The first gold coins in the United States were issued back in 1795. The Unites States Mint set the value of the U.S. Dollar at 24 grains of gold. The value was based in accordance with the world price on the precious metal, which at that time was $ 19.39 per troy ounce.
The U.S. gold coins started to be issued in seven different mints around the country as the Western Frontier of the Unites States began its expansion. The mints were set from Philadelphia to San Francisco. The sizes of coins varied from one dollar gold piece to fifty dollar denomination. It is worth mentioning that at that time the U.S. mints issued coins that were worth their weight in gold.
In 1834 and 1837 U.S. Congress modified the gold specifications by setting the price of gold at a mark of $ 20.67 per ounce. When the Great Depression occurred in 1933, President Roosevelt made gold an illegal asset for the citizens of the United States. During this period, by Roosevelt’s order, all gold coins were returned to U.S. Treasury and the melted into gold bars. After that the value of the U.S. dollar coin was set to $ 35 per ounce. The global outcome was to decrease by 40 percent the buying power of the dollar
When millions of gold coins were melted into gold bars, they became very rare and thus highly sought by various collectors. According to money experts only about one percent of gold coins can be found today. Each gold coin that survived till nowadays is highly valued by collectors and investors.
Every gold coins minted in the United States before 1933, is valued on individual basis according to its date, rarity, appeal among various collectors and its grade.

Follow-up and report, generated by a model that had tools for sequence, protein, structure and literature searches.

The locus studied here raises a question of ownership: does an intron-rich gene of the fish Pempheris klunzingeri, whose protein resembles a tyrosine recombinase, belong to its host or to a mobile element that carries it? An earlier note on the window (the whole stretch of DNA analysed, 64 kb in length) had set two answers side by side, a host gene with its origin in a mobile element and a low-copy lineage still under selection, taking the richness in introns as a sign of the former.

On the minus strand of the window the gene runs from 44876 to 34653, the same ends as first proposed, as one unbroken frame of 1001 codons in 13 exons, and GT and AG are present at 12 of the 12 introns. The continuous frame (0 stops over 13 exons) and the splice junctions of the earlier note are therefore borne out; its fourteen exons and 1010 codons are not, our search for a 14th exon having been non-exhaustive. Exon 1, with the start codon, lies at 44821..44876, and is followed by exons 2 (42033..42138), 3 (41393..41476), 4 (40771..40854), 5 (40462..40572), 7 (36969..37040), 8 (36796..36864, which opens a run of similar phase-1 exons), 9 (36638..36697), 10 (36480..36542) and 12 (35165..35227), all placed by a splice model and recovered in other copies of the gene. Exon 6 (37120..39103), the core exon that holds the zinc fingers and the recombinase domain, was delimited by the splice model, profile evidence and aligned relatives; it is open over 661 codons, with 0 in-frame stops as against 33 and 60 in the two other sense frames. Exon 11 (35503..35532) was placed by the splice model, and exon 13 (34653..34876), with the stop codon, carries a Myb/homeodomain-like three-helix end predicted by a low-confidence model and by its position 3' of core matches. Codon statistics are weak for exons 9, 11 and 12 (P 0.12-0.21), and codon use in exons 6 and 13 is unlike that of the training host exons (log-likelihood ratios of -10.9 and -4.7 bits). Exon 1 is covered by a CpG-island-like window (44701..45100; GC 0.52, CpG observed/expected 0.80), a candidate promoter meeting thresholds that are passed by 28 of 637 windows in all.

What is Rare Coin Grading Worth?
Coins that fall under the category “rare” are graded on ANA (American Numismatic Association). The scale ranges from 1 to 70. Coins are certified authentic and then PCGS or NGC, two leaders in providing coin grading services. For example a gold coin graded 1 has a slightly visible date, very wear and its value is a little above its weight in gold or precious metals. Obviously the better the coin is preserved the more a collector or investor in willing to pay for it.
1933_double_eagle_gold_coin_reverse – Very often a collector starts his Gold Coin Collection of U.S. coins minted before 1933 with a $ 20 Double Eagle. Note that from 1849 to 1907 U.S. Mist issued the Liberty series. The Mint then changed the design of the Double Eagle into Saint-Gaudens. The latter were minted in the period between 1907 and 1933.
Starting a collection of Pre- 1933 U.S. gold coins is advantageous for several reasons:
“Pure Gold Content” – this means that each coin includes almost 1 troy ounce of gold.
“A Double Profit Opportunity” The gold market is continuously changing and $ 20 Double Eagle gold coins already have a history showing the continuously rising value, which goes 2 to 3 times higher in value if compared to the gold bullion alone.
The 1933 Saint-Gaudens Gold Double Eagle Coin
One of the most valuable, if not the most valuable, coin is considered to be the 1933 Saint-Gaudens Gold Double Eagle1933 Saint-Gaudens Gold Double Eagle. It actually was never officially issued. Still it appeared from 1907 until 1932. Although in 1933 there were 445,500 Double Eagle minted, none were released into circulation because of the changes made in currency laws during the Great Depression.
The result of the Great Depression was that president Franklin Roosevelt took America off the gold standard. The gold coins were drawn out of circulation and afterwards were not issued anymore. Besides, people had to return the ones they had
Later, in 1933, the Double Eagle coins were declared illegal. It was prohibited to own any of the gold coins, unless they had a collectible value. The same year Gold Double Eagle coinsGold Double Eagle coins were ordered to be melted by the U.S. Mint. By 1937 billions of gold bars were made out of these unique coins.
A few coins have escaped from being melted down. In1933 two of them were given by the Mint to the U.S. National Numismatic Collection at the Smithsonian Institute. These two Gold Double Eagle coins were known as the only legal specimens to ever become part of a coin collection. Still by 1952, eight additional coins were discovered. These were confiscated by the Secret Service.
Today 19 of the some of most valuable 1933 Gold Double Eagle coins are owned by a Philadelphian jeweler, Israel Switt.